•In Halifax’s early days, citizens were notoriously tardy. The solution, courtesy of an exasperated early ruler, was the Old Town Clock on Sackville Street.

•You can shop and dine where privateers once stashed their booty in the Historic Properties.

•Halifax boasts a long line of sports heroes—most recently, Sidney Crosby. Learn more: Nova Scotia Sport Hall of Fame on Duke Street.

•Devastated in the Halifax Explosion almost a century ago, the area now called The Hydrostone has regrown as a stylish neighbourhood with unique architecture, quaint shops and world-class dining.

MARITIME GOTHIC

With centuries of history, a city gets its fair share of mysteries and folklore. Explore the city’s more sinister side with the Halifax Ghost Walk. Meet the group at 8:30 p.m. at the Old Town Clock on Citadel Hill (just up from Sackville Street). Narrators lead you through historic Halifax’s nooks and crannies, sharing tales of pirates, ghosts and haunted houses.

HIGHLIGHTS FOR KIDS

•Kids’ reactions are always priceless when they stroll down Cable Wharf and see the giant smiling tugboat in the big red hat. Theodore Too is a loving life-sized re-creation of the eponymous Theodore Tugboat of PBS fame. Hop on board for a tour that lets your kids live the Big Harbour adventures they’ve seen so many times on television.

•Nautical adventures continue at the Maritime Museum of the Atlantic on Lower Water Street. With lots of hands-on exhibits and a laid-back, welcoming atmosphere, it’s a great spot for kids to explore and learn about the Titanic, swashbuckling pirates and the world wars. You can see shipbuilders at work and explore a retired hydrographic vessel moored dockside.

•Just up the hill on Barrington Street, the Discovery Centre is a hands-on science centre where kids can explore trippy optical illusions, stand inside a giant bubble and even freeze a banana in liquid nitrogen.

DAY TRIPPIN’

•Centrally located, Halifax is an ideal day-trip base. Take a 45-minute drive east, and you’ll find the Memory Lane Heritage Village, a living-history museum that re-creates life in rural Nova Scotia as it was 70 years ago.

•Take a 45-minute drive west, and you’ll find the historic fishing village of Peggy’s Cove. Its iconic lighthouse, perched on the rocks just above the wild Atlantic waves, is Nova Scotia’s most photographed site.

Ultimate City Guide: The Best Things to Do in Halifax

Things to Do in Halifax

Watching the Highlanders: one of the top things to do in Halifax (Photo: baekken)

MARITIME GOTHIC

With centuries of history, a city gets its fair share of mysteries and folklore. Explore the city’s more sinister side with the Halifax Ghost Walk. Meet the group at 8:30 p.m. at the Old Town Clock on Citadel Hill (just up from Sackville Street). Narrators lead you through historic Halifax’s nooks and crannies, sharing tales of pirates, ghosts and haunted houses.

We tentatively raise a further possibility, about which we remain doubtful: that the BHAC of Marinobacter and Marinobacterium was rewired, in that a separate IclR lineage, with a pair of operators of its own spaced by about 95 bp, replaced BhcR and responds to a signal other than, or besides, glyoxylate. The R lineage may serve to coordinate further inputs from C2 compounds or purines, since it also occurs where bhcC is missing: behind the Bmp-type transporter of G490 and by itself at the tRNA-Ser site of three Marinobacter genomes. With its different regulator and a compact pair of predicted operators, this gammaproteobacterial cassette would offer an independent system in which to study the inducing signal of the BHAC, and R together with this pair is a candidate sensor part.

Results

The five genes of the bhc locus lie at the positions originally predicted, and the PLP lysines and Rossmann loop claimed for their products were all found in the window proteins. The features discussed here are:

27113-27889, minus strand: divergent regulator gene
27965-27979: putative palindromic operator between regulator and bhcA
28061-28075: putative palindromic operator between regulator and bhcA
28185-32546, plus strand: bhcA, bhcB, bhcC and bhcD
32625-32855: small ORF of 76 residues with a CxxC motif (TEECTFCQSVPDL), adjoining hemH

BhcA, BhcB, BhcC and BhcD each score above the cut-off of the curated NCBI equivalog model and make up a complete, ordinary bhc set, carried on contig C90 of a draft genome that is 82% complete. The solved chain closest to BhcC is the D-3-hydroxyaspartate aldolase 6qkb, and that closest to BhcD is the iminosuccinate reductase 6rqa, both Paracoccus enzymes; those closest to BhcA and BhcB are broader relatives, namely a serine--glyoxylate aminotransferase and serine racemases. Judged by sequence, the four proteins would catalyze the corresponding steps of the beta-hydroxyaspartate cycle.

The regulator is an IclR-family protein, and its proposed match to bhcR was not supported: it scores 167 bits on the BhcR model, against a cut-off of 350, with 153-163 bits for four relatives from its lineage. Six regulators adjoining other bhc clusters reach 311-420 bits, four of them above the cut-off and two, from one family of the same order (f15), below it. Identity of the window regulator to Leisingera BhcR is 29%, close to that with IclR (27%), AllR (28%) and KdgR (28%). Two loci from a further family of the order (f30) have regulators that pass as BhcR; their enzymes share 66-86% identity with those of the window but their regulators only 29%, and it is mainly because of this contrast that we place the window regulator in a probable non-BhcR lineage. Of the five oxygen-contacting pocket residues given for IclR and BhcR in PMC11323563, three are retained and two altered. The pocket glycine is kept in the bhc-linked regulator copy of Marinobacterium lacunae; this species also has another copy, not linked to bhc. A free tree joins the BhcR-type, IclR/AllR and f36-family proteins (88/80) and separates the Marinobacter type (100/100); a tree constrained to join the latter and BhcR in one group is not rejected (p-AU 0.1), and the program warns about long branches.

WIDE OPEN SPACES

At the south end of the peninsula, Point Pleasant Park is a popular year-round destination. Ocean-side and woodland trails draw hikers, bikers and runners in any weather. The park also hosts productions of theatre al fresco with Shakespeare by the Sea throughout the summer. In the midst of the downtown on Barrington Street, the Old Burying Ground is a secluded historic cemetery. It’s also notable as the resting place of British Major General Robert Ross, who burned Washington, D.C. in the War of 1812. Uptown on Spring Garden Road, the Halifax Public Gardens are one of the finest Victorian gardens in North America. In the summer, its bandstand hosts Sunday afternoon concerts. Across the harbour, the Dartmouth Common is a green oasis with splendid views of the Halifax skyline.

CENTRE STAGE

The region’s largest professional theatre company, Neptune Theatre on Argyle Street, starts 2018 off with two productions: Jonas & Barry in the Home hits the mainstage starting January 16 with the studio series production of Salt-Water Moon premiering January 30.

LOCAL HARVEST

From Lonely Planet to the Montreal Gazette to The New York Times, Halifax draws constant praise as a premier culinary destination. In the Guide to Dining you’ll find listings for a tremendous variety of restaurants. And discover where Halifax’s talented chefs find their inspiration: the Halifax Seaport Farmers’ Market on Marginal Road. Fresh-baked goods, savoury snacks, artisanal cheeses, award-winning Nova Scotian wine and produce aplenty—you’ll find plenty to entice.

TIME TRAVEL

Still the geographic (and emotional) heart of the downtown, the Halifax Citadel is Canada’s most popular National Historic Site.

In Halifax’s early days, citizens were notoriously unpunctual. The solution, courtesy of an early noble, was the Old Town Clock on Sackville Street.

You can shop and dine where privateers once stashed their booty in the Historic Properties.

Discover a long line of sports heroes—most recently, Sidney Crosby. Learn more: Nova Scotia Sport Hall of Fame on Duke Street.

Devastated in the Halifax Explosion almost a century ago, the area now called The Hydrostone has regrown as a stylish neighbourhood with unique architecture, quaint shops and world-class dining.

DAY TRIPPIN’

Centrally located, Halifax is an ideal day-trip base. Take a 45-minute drive east, and you’ll find the Memory Lane Heritage Village, a living-history museum that re-creates life in rural Nova Scotia as it was 70 years ago. Or, take a 45-minute drive west, and you’ll find the historic fishing village of Peggy’s Cove. Its iconic lighthouse, perched on the rocks just above the wild Atlantic waves, is Nova Scotia’s most photographed site.